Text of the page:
With participant approval, the interviews were audio-recorded then transcribed verbatim to allow full immersion in the data.35 The interviews were analyzed thematically in order to synthesize and interpret the data. Thematic analysis was used for its flexibility as a research method for finding patterns and meaning across qualitative data.36 Braun and Clarke’s37 6 stage framework was followed to structure the thematic analysis. This involved re-reading the interview transcripts multiple times to search for “recurring regularities.”38 Interesting features in the data set were systematically coded manually and categories of meaning were identified and organized into themes. The purpose of these “themes” was to represent areas of importance and patterned meaning across the data to shed light on the research question. All data was organized in accordance to emerging themes, and all codes and themes were adapted throughout to ensure an iterative approach.
Given the focus of this paper on examining organizational approaches to learn from failure in development, the names of participant organizations have been retained to provide important context to the area on which they are speaking. There are ethical concerns that come with revealing any aspect of participant identity and great care was taken to not put any individuals at risk. To ensure confidentiality is protected, job titles have been anonymized throughout. Meaningful informed consent was collected from all key-informants through signed consent forms. Participants were reminded at the start of the interview of their right to remain anonymous, which was re-iterated later if any sensitive issues came up during the discussions. Additionally, before presenting any findings that might be controversial, interviewees were consulted to ensure they consented to the quote being used. All digital files, transcripts, and summaries were given codes and stored separately from any names or other direct identification of participants. Any hard copies of research information were kept in locked files at all times. The decision to identify participant organizations, and the approach to ensure participant safety was developed in consultation with the LSE Ethics Committee.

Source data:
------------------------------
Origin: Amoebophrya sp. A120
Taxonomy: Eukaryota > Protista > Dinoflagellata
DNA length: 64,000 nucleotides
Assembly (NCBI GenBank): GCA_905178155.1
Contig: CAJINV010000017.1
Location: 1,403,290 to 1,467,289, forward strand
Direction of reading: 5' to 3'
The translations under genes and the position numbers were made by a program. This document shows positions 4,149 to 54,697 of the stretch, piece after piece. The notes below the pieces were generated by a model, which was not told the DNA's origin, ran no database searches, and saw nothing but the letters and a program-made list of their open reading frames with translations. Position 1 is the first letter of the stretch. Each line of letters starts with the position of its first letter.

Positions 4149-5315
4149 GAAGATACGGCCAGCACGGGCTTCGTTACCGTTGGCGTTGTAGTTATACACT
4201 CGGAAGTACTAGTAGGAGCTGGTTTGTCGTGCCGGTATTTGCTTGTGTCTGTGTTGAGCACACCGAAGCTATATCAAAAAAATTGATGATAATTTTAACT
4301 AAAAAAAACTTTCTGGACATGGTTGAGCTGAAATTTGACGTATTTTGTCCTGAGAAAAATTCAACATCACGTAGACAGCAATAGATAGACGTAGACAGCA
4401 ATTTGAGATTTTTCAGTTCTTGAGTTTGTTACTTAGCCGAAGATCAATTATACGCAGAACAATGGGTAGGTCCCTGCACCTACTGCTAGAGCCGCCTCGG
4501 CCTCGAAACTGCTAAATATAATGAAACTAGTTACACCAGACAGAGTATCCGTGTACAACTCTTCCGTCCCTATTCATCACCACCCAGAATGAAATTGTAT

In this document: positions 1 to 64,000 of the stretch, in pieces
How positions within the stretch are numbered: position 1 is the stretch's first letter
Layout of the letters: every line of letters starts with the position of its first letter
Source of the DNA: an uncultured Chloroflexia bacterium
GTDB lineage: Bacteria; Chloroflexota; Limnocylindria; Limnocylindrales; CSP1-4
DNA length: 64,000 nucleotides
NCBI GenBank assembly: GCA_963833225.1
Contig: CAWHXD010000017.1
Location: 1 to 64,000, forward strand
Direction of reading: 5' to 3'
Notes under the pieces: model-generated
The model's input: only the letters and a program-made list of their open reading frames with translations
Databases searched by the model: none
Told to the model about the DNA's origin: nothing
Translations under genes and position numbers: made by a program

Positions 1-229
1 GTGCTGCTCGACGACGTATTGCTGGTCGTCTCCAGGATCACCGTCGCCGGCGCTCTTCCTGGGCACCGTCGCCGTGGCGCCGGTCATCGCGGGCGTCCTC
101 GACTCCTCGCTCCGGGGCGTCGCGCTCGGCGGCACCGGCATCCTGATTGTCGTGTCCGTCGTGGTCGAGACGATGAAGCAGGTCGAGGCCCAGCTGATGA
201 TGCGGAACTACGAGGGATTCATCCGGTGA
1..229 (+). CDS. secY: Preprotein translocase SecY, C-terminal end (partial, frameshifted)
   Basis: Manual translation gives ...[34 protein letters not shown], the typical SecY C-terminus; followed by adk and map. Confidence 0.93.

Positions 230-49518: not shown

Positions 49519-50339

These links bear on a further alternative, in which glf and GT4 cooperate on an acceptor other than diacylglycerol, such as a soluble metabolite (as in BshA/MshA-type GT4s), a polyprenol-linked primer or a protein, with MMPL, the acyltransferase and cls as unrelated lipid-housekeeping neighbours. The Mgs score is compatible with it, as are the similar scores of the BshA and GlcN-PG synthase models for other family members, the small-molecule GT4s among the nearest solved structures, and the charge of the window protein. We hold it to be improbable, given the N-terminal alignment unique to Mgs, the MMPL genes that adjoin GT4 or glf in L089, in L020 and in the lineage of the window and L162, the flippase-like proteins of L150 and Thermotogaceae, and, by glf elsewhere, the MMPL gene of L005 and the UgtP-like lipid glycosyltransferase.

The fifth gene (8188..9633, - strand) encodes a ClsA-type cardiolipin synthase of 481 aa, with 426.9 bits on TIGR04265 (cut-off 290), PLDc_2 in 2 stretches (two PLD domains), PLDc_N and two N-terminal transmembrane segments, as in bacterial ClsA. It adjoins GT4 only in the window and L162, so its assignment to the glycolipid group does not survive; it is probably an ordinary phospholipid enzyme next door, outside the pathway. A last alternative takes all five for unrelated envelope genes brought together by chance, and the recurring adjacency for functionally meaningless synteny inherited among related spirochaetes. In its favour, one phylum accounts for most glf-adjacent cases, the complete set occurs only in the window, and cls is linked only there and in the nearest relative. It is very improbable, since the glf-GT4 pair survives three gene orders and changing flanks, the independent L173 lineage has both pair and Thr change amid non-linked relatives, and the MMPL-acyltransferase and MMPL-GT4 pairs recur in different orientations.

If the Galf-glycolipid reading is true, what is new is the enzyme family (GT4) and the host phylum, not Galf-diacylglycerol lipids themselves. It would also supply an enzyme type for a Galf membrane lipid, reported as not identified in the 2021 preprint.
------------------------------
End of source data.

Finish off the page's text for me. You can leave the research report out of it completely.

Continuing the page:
This section presents the findings and major themes emerging from the key-informant interviews. The first section examines the barriers for (1) identifying failure, (2) learning from failure, and (3) deliberate experimentation. The second section analyses key factors to build an enabling environment for organizational learning from failure. The third section draws together these themes to develop a framework for the development sector.
Barriers to learning from failure in development
Not all failures are created equally
When examining the barriers to identifying failure within organizations, a major theme that emerged was how different the experience of failure is. Throughout the key-informant interviews, participants identified a myriad of factors, including race, gender, age, geographic location, economic circumstances and ranking within organizations, that posed significant barriers to discussions of failure. A CEO of a failure consultancy firm spoke on intersectional aspects of failure: